Army Strives to Reduce Suicide, Mental-health Issues
By Donna Miles
American Forces Press Service
WASHINGTON, Aug. 8, 2010 The Army is striving to reduce soldier suicides and mental-health problems by giving troops more dwell time between deployments, identifying tell-tale symptoms more quickly and eliminating the stigma of seeking help, the Army vice chief of staff said today.
Army Gen. Peter W. Chiarelli recapped findings of a task force he commissioned to reduce soldier suicides and mental-health problems during an interview with Christiane Amanpour on ABC’s “This Week.”
The task force offered 250 recommendations, including establishing health promotion councils at each installation, expanding behavioral health screenings and recruiting additional behavioral health counselors.
“We have a force that has been stressed after almost a decade of war,” Chiarelli said today, with many that have been home for just 12 to 16 months between 12- to 15-month deployments.
In some cases, this stress has led to problems with alcohol and drug abuse, legal troubles, mental-health issues and, in the most extreme cases, suicide.
The first step in reducing that stress level, Chiarelli said, is to provide soldiers 24 months before year-long deployments, and ultimately, three months at home for every month deployed.
“We know when that happens many of the problems that we've seen will in fact meliorate themselves,” Chiarelli said.
Meanwhile, the Army is bolstering its behavioral health staff and encouraging more soldiers to take advantage of their services, he said.
It’s an effort Chiarelli said starts at the top. “If you want to get at stigma, you start with the brigade commander [and] brigade command sergeant major and work right down the chain of command so every soldier sees his leader going through the same checks that the soldier's going to go through,” he said.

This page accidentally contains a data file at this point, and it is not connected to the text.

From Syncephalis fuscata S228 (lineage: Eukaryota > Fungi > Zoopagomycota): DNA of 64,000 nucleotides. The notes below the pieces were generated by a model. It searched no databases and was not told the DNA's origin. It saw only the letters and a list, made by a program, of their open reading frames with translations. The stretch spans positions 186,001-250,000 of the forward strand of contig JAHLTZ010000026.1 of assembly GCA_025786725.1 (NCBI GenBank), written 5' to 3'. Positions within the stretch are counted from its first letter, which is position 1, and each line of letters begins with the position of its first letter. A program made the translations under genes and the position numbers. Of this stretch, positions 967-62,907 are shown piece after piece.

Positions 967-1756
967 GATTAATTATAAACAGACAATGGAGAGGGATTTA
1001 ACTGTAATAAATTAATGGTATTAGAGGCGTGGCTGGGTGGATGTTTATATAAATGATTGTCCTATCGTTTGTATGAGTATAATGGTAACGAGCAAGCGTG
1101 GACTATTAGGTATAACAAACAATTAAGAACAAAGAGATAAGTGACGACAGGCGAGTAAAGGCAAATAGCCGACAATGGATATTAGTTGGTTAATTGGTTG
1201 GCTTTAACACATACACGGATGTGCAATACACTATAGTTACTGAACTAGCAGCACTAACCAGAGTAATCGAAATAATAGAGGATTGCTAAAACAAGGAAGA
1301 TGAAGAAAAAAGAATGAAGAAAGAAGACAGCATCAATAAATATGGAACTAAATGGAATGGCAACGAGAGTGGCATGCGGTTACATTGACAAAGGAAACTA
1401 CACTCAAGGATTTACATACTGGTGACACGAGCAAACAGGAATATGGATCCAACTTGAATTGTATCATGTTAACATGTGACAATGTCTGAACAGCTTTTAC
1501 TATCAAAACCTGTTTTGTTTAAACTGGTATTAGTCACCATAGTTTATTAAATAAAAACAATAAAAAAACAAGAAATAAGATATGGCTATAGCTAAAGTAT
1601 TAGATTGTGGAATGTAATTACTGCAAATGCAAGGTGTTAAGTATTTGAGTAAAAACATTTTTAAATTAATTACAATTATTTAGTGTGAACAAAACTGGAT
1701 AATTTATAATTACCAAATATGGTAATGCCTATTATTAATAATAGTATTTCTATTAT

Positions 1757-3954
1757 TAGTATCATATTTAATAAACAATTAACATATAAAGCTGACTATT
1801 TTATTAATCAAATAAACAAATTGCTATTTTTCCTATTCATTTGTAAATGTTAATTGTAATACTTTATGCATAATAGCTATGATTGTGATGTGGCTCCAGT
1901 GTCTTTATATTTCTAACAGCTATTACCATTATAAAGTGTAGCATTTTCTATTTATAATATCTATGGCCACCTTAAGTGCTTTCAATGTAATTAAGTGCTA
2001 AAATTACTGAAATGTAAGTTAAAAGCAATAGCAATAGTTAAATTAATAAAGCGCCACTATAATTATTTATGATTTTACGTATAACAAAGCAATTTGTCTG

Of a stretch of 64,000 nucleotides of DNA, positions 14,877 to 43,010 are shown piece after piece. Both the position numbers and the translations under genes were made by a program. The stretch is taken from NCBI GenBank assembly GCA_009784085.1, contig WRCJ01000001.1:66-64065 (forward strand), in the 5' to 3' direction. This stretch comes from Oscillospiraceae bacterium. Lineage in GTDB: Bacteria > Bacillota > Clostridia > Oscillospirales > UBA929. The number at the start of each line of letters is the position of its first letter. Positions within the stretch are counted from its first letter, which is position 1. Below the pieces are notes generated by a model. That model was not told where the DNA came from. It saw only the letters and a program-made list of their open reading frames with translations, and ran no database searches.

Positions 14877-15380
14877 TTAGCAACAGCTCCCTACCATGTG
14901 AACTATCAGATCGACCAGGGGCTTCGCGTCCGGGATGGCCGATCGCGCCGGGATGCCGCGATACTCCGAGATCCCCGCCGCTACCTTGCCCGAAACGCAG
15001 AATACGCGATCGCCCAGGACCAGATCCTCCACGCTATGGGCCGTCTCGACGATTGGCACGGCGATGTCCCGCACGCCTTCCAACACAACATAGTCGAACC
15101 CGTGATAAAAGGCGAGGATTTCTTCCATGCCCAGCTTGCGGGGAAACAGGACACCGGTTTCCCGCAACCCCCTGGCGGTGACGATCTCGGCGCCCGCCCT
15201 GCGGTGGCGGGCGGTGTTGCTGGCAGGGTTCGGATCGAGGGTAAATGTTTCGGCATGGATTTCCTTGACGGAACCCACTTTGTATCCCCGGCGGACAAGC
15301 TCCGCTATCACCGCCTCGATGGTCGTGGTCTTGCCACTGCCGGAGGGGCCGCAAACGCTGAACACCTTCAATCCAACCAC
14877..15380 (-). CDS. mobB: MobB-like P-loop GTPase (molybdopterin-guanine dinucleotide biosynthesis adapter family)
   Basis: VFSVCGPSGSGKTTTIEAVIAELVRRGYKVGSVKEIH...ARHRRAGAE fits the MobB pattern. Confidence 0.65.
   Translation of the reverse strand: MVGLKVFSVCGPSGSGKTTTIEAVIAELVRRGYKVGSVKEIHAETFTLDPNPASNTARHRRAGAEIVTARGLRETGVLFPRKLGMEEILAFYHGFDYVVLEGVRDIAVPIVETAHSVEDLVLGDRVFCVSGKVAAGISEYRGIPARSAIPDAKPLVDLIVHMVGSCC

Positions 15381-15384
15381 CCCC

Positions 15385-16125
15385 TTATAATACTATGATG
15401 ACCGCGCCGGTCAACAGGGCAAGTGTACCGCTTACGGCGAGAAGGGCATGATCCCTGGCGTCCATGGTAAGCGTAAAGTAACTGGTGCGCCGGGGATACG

“Leaders need to lead, to know their soldiers, to look for those signs that they see that Pfc. Chiarelli has changed. Pfc. Chiarelli is going out and maybe drinking a little bit too much, showing up for work late, whatever it might be,” he said.
Part of the problem, he conceded, is that too many soldiers recognize that they need help, but put off getting it because they feel such a personal responsibility to their units and battle buddies.
“That's one of the issues that we have to get through is we try to break down stigma -- to get soldiers to understand that these hidden wounds of war are things that they've got to seek help for when they have problems,” Chiarelli said.
The Army also is exploring innovative approaches to identify troops grappling with the emotional stresses of combat and get them the care they need.
“We're looking for new ways to be able to deliver behavior health, such as virtual behavior health where we literally bring up a network using the Internet, using the network of doctors, say 200, from all over the United States who can, in fact, provide a good, good look at our soldiers when they return,” Chiarelli said.